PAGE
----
A Weekend of Dualities: Freedom and a Free Spirit



This weekend, a duality exists. We remember those who have given the most precious gift, their own life, so that we may know the greatness of freedom. At the same time, we revel in the glories of a free spirit that summer evokes. So, I began to think of those places where we gravitate to freely connect, rest and renew – those spaces/experiences which ground and enliven us.

Last weekend, I photographed at a Bar mitzvah. Not being Jewish, this was a completely new experience for me. As we were doing the portraits, the Rabbi brought out the Torah (the five book os Moses). He held it to his heart, laid it out and unrolled the sacred parchment scrolls. One is not permitted to touch the scrolls in reverence for the word of God, a pointer, called a “yad” (meaning “hand” in Hebrew) is used. There are those spaces where we go to drink in the stillness, to follow rituals of reverence and tradition. We have the freedom to be able to choose different paths, enter different thresholds to connect with something larger than ourselves.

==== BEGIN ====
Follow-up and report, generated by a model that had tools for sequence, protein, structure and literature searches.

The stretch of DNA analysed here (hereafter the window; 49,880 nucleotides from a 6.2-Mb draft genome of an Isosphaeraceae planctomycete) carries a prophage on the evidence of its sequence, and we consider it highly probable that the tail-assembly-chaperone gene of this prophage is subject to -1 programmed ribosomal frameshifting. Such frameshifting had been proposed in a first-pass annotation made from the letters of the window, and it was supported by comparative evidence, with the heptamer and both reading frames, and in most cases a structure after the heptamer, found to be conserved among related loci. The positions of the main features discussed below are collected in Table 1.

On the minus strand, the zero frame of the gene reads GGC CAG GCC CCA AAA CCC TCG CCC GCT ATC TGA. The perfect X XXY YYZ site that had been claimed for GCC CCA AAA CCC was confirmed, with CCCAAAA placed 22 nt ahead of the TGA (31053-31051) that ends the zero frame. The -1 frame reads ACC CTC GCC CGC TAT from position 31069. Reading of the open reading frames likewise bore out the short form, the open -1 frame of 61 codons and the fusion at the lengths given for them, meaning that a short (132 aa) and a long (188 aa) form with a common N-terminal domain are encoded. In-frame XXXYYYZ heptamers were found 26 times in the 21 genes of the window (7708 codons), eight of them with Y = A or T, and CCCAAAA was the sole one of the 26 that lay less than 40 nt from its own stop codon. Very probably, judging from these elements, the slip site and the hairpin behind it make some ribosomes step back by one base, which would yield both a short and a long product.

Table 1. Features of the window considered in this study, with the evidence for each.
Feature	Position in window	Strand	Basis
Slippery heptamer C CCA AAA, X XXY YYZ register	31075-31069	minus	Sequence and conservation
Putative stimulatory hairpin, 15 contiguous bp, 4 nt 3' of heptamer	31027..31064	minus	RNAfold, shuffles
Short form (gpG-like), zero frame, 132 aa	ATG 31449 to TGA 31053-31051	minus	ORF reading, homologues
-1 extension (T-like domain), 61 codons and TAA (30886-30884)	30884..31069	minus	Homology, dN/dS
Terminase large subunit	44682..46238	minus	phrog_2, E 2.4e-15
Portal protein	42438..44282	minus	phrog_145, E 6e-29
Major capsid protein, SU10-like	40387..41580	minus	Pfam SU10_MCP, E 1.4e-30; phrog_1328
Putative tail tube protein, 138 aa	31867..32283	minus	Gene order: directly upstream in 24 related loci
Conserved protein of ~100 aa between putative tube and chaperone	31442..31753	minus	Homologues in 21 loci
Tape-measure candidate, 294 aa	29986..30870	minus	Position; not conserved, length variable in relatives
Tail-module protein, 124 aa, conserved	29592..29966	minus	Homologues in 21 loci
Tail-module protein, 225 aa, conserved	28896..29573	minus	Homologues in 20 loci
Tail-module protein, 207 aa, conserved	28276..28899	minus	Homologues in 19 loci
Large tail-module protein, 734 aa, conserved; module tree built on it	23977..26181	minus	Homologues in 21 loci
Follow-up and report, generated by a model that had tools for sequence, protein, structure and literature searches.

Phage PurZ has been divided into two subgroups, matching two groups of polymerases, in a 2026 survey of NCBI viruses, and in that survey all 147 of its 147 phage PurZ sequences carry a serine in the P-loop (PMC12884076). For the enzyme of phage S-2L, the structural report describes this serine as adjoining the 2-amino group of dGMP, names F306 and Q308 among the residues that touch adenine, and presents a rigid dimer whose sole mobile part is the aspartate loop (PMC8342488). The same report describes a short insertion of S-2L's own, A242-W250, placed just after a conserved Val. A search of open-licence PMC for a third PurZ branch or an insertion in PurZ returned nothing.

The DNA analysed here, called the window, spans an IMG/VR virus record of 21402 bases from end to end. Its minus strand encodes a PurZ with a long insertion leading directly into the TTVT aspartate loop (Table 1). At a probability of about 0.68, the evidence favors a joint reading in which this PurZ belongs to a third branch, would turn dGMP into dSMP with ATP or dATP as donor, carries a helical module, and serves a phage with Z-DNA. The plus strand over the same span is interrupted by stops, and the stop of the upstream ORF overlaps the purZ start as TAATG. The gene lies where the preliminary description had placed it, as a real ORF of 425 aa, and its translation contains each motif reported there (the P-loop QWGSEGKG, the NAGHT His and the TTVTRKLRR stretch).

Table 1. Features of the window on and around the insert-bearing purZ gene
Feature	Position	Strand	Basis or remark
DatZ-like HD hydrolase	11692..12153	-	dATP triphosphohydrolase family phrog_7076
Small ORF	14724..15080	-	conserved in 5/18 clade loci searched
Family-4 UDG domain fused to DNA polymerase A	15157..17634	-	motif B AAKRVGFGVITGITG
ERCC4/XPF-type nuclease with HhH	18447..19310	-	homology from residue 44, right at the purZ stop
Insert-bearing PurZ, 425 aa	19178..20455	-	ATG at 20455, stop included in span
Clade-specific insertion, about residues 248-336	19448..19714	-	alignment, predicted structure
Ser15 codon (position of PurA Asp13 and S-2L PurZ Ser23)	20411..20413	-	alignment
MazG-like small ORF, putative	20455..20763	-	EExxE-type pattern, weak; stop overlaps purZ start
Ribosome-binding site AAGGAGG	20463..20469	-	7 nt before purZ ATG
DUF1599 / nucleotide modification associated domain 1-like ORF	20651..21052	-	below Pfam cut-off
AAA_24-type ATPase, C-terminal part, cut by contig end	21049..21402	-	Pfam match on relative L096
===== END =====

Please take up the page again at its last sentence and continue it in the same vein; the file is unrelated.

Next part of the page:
This weekend, I was out on the water kayaking with good friends…laughing, relaxing and doing that universal “Summer is finally here” dance! The freedom to sleep in and stay up late. The freedom to come and go and happily this weekend, it was under sunshine!

For others, they felt drawn to connect with a father, mother, sister or brother to place a flag on the sacred ground and reach down to touch the dirt in order to get as close as possible. Wondering at times if their loss was worth it…for all our freedoms, I join my voice with so many others giving heartfelt thanks.

Memorial Day




While at the Pearl Harbor Memorial, all visitors are asked to observe complete silence. Silence is such a powerful tool in that it asks one to draw the experience inward without trying to search for words to speak.  I was very grateful that was required because there were no words in my vocabulary that could ever convey the depth of that experience. I sit here in silence and remember my father, my uncle, my friends and all who put the freedom and safety of others before their own…there are no words.